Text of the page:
Plant when the soil has warmed. When planting, dig a hole deep enough as to not bend the roots. Place the plants in the hole as described earlier, and be sure to keep the plantings set apart two feet in rows seven feet apart.  Blackberries produce fruits on their second year canes, and the canes will then die off. You should trim back the dead canes at the end of the season.

Harvesting

Pick the berries as soon as they have matured into very dark purple or deep red appearance.

 

Visit GreenwoodNursery.com for a great selection of every gardener’s favorite blackberry plants!

 

 

Enhanced by Zemanta

Tags: , , , , , , , , , , , ,
Posted in Articles | Comments (0)

Growing Blackberries and Raspberries

May 17th, 2010

Our erect or upright blackberry plants are the Apache (which is probably the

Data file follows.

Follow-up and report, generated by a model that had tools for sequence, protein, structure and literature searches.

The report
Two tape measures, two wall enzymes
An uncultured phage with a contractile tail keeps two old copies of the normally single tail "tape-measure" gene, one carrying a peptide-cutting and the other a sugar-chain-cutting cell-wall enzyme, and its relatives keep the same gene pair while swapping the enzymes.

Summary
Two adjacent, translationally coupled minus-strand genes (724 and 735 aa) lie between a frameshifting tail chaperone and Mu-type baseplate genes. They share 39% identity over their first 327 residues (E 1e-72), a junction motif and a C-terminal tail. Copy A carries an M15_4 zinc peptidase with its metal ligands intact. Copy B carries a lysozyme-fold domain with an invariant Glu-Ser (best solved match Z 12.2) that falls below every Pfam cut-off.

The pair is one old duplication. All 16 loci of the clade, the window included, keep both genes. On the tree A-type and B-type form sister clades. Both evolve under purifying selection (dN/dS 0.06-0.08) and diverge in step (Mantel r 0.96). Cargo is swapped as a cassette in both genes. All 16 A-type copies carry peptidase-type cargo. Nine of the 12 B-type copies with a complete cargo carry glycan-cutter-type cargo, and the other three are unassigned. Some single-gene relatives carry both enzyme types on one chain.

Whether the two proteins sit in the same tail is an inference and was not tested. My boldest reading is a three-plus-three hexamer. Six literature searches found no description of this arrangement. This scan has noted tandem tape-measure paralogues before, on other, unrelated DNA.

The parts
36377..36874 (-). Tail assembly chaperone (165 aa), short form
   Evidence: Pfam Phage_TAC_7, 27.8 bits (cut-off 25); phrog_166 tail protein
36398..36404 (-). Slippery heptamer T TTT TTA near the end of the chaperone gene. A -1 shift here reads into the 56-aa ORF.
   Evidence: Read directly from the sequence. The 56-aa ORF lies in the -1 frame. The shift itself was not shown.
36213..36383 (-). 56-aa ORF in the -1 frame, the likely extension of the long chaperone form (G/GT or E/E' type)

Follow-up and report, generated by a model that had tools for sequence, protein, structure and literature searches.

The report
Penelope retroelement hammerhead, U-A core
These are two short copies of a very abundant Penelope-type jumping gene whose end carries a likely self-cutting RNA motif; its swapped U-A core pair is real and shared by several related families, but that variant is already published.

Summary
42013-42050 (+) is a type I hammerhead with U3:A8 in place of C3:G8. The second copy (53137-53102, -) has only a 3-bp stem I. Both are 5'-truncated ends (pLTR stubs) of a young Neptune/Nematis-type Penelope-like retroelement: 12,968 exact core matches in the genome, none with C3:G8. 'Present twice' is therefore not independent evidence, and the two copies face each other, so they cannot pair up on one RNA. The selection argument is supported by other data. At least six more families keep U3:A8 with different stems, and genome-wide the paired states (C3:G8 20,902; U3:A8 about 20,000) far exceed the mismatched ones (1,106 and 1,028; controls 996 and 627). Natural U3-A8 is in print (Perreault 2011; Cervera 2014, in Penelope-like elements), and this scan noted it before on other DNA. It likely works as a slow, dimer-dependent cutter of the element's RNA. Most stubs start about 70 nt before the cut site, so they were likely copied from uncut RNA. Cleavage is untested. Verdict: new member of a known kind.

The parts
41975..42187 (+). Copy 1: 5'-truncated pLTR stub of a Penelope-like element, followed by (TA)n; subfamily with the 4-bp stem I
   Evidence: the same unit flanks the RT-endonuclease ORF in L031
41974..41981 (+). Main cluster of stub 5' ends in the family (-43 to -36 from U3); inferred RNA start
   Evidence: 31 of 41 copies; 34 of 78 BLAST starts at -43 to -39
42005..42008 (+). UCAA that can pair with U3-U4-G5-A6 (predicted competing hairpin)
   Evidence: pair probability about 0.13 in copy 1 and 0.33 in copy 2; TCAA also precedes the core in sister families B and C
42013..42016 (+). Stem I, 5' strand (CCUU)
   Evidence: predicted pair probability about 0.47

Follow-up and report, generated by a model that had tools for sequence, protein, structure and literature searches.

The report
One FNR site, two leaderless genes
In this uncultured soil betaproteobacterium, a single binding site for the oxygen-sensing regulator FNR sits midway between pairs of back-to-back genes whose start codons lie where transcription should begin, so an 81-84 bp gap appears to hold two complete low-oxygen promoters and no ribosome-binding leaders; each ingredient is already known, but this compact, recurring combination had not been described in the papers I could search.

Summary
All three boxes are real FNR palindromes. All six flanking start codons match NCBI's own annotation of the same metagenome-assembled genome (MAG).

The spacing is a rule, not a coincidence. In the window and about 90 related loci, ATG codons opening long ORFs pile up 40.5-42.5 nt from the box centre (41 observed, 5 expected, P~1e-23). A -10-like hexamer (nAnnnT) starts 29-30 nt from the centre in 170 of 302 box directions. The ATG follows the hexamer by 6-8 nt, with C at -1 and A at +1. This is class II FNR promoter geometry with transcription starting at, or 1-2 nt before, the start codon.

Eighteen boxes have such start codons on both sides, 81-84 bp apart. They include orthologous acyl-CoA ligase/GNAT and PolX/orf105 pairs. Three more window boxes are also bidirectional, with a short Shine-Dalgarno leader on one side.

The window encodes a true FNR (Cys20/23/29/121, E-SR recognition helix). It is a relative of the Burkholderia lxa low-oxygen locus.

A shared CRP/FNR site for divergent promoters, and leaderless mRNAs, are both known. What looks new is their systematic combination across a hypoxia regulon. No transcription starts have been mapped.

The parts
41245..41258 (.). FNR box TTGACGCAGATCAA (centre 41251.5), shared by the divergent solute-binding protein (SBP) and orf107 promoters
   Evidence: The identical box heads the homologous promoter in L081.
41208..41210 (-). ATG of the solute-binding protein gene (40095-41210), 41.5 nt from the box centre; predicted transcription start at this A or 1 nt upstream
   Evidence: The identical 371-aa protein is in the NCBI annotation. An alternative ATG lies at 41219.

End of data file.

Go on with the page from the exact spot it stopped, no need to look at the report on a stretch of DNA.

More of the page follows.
sweetest in flavor), Arapaho and Ouachita
while our erect or upright
raspberry plants are Anne, Heritage (an ever bearing) and Nova Summer Red.
The Triple Crown and Cumberland are trailing varieties.

Without knowing which plant variety has been planted, it is often difficult
to tell raspberry and blackberry plants apart until harvest time. When ripe,
raspberries come off with the core remaining on the plant. This leaves a
hole in the top of the berry making it hollow and quite perishable. This is
why raspberries are pricey at the market.

Don’t plant raspberry, blackberry or strawberry plants where potatoes,
tomatoes, peppers, eggplant, or other berry plants (including other
strawberry, raspberry or blackberry) have grown in the past 3 years. Fungus
disease and insect pests may still be in the soil in those areas.

Here is a quick link to our planting and care information for blackberry and
raspberry plants as well as links to recipes for the fruits, including wines
and jellies:

Growing Blackberry and Raspberry Plants

Be sure to visit us at Greenwood Nursery. We’re here. Just let us know if you need any help.

Tags: , , , , , , , , , , , , , , , , , , ,
Posted in Plant Care | Comments (0)